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Summer Memories

With summer quick approaching, I am reminded of the few family vacations that weren’t always as pleasant as the ones TV families procure. Our’s consisted of three kids crammed into the back seat with two adults, who had the luxury of first person AC, chain smoking in the front seat. We kids would beg our parents to stop at the rare quick food restaurants that we encountered along the way, but were quickly admonished and reminded that money was scarce, and quick food was a luxury. My dad had smoked Winstons (he died of throat cancer years later), my mom, Kents, and since they had done this since earliest memory, I had assumed that cigarettes were something that adults regarded as a necessity and certainly, not a luxury.

Our trip started out early in the day to beat the heat, traffic, tourist, maniacal drivers, murderers, and hitch hikers, that lurked at every on ramp in those turbulent 60′s — or perhaps they just lurked in my mother’s mind. And I am sure that the adults were also offering a prayer to Mary that we kids would surrender to the early morning hours of summer break and sleep, postponing fights over limited space. Since I was the youngest, and therefore the weakest, I was to sit in the middle between my older sister who was annoying and my older brother (by eight months), whom I annoyed. Sandwiches were packed and kept up front with the luxury item (1 bag of plain potato chips), kept under close guard by my mother. When we got hungry, sandwiches and chips were passed around while the car continued traveling at a safe (so we thought) 85mph. We loved the extravagance of peanut butter and honey sandwiches, enclosed in a car filled with the perfume of cigarettes.

Second hand smoke? Never heard of it. Stopping for a soda? Never heard of it. Stopping for a pee break? Only heard of it when the car needed gas. The intake of gas and the output of pee was just as natural as the gray haze of Winstons that clouded our view of what other families did when they traveled.

We would arrive at our grandparents’ house in time for a late afternoon supper of fried chicken, mashed potatoes, fresh greens, pinto beans, and the best blackberry cobbler you could imagine. We had reached the promised land of childhood. Our grandparents were aware of our plight, and would distract our parents with conversation and gossip, while we kids would keenly take seconds and thirds of everything available. With our bellies full and near to bursting, grandpa would pull us aside, and slip a dollar in our hands and send us on an errand to buy “something” at the store for him. This of course was an opportunity he gave us to buy the candy that was always just out of our reach — financially speaking. Knowing the value, and rarity, of a dollar, and knowing that we had never had so much money in our lives at one time, we would carefully select the few precious items and delight in them all the more.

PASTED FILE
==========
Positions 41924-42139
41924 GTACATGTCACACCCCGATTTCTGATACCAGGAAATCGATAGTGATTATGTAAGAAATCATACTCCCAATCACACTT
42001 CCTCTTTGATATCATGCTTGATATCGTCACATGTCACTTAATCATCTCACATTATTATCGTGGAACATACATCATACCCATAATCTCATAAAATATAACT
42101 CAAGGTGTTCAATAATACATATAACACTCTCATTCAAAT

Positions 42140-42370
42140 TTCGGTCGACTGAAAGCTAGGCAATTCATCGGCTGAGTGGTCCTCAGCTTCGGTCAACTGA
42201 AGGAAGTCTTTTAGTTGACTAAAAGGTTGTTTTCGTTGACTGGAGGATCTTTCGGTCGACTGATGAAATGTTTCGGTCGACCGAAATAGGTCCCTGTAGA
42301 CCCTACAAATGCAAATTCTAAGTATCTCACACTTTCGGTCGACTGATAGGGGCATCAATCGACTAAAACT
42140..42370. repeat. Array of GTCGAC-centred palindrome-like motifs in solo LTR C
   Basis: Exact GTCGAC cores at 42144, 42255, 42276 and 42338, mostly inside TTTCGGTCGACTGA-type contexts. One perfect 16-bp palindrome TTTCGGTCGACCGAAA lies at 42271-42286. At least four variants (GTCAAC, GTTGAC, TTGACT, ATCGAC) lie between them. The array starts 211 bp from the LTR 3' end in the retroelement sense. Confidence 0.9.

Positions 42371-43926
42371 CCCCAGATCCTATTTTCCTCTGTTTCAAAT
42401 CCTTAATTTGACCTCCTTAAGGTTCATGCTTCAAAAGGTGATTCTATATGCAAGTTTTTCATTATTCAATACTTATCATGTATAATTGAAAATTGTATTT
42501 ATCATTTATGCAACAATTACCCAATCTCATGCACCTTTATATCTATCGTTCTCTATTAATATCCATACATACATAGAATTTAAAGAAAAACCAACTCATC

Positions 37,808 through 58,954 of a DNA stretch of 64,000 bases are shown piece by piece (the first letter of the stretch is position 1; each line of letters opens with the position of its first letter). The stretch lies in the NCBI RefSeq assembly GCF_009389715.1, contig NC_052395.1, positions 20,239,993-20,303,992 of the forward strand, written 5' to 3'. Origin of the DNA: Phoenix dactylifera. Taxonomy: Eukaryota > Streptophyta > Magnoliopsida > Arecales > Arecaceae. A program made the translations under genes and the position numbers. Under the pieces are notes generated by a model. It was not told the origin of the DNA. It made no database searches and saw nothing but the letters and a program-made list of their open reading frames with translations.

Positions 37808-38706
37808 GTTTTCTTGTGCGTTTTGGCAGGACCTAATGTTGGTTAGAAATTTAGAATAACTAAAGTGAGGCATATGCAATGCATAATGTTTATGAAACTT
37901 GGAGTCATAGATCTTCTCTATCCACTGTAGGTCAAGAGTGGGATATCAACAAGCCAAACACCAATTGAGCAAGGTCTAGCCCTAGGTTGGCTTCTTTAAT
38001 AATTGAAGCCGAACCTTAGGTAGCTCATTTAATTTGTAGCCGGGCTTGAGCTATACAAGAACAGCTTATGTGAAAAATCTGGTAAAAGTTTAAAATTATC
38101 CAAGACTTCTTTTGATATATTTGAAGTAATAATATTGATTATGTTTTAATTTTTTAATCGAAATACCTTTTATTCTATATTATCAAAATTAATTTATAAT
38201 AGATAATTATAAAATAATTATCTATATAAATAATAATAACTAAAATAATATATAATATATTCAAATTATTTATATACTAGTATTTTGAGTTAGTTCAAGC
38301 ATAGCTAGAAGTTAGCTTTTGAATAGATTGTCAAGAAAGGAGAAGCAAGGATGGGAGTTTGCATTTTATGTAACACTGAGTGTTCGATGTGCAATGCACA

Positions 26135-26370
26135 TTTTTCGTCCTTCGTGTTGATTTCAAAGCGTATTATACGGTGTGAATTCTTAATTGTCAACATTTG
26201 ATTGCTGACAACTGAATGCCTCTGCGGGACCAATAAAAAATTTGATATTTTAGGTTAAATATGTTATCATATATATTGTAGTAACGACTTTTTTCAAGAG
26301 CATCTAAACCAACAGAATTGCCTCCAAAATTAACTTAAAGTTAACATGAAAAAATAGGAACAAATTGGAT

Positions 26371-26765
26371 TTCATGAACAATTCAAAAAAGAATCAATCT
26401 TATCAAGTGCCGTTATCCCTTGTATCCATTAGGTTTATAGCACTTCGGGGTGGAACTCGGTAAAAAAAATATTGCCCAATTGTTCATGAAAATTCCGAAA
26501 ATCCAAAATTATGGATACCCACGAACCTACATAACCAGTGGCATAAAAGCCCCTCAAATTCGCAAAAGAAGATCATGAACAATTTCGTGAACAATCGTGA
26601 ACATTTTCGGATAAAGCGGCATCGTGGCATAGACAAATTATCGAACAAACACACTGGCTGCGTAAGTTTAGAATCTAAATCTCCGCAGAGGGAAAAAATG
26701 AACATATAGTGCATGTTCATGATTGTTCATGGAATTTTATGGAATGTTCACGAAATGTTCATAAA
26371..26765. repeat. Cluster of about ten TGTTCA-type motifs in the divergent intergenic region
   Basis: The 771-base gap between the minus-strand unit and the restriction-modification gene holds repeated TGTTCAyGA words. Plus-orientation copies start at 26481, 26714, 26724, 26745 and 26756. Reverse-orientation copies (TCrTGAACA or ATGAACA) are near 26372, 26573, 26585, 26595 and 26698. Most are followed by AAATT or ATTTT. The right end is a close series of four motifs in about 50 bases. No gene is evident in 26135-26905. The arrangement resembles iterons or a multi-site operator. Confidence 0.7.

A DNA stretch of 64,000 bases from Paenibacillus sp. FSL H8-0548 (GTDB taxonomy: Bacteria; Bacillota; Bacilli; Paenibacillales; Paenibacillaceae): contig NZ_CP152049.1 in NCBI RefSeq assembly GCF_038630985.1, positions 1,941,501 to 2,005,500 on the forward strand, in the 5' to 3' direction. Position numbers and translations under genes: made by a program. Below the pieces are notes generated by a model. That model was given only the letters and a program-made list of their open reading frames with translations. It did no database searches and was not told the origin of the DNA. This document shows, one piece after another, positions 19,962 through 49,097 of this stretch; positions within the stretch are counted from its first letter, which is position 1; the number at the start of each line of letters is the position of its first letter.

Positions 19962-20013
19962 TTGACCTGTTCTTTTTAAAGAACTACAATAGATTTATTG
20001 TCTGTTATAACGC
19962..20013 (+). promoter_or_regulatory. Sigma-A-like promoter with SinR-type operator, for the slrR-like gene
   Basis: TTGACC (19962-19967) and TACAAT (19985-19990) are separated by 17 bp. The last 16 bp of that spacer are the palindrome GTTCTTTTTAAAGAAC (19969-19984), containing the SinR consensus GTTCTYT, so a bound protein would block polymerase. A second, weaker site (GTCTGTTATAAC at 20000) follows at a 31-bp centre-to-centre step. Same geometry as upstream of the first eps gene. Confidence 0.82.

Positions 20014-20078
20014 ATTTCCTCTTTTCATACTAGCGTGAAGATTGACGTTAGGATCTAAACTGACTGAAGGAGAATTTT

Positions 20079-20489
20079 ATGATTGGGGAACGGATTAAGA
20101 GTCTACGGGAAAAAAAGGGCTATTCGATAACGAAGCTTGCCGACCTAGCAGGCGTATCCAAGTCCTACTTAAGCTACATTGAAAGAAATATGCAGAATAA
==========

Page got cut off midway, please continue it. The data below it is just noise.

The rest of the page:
Now that I am in my 50′s, I look back to those times in my childhood and compare them with the way that we traveled when my kids were young. We didn’t pack lunches, but stopped along the way and spent money on food. We took frequent breaks so we could stop and see things or get an ice cream cone. When we got tired, we looked for a reasonably priced hotel in which to stay. I am not necessarily saying that our way was better than my parents, but ours was certainly more enjoyable. My parents were not hurting for money, so their method was a preference, not a financial strategy. I grew up thinking we were poor because they loved playing that part. And, their way did teach me to value money more, but, as with all things in life, there has to be a balance. Now that my kids are gone, I like taking a packed lunch with me when I travel. Not because I am cheap, I just like to have my particular foods with me. Call it quirky instead. A hotel? I value a excellent night’s rest. I don’t want to lay awake thinking about bugs crawling on me, and I want my wits about me the next morning so I can drive safely. Therefore, I opt for moderation when picking a hotel and try to plot ahead and question about the best rates available.

Also, my husband and I have never smoked. The money my parents spent of five packs a day between the two of them (plus cancer treatments), is far more than the money we spent on the occasional night in a decent hotel, restaurants, snacks, side trips and the creation of fantastic memories.

When plotting your vacation, choose what things are most vital to you and don’t forget about those traveling with you. Reckon where you can cut cost in order to spend a small more somewhere else. There is nothing incorrect with taking some snacks with you in the car and even a cooler for drinks to save money. Be prepared, not obsessed! But remember — . It’s a vacation. It’s time spent with the most vital people in your world. It’s ok to teach the value of a dollar, but do it in a loving way and set a excellent example. Money shouldn’t be the focal point of your travels and adventures — . your loved ones are. Delight in them — and oh yes, have a fantastic trip!

I was born in Jacksonville, Florida in 1958 and I have one older sister and a brother, whom I want to visit more often. My mom still resides in Jacksonville and is doing fantastic for being in her 80′…  View profile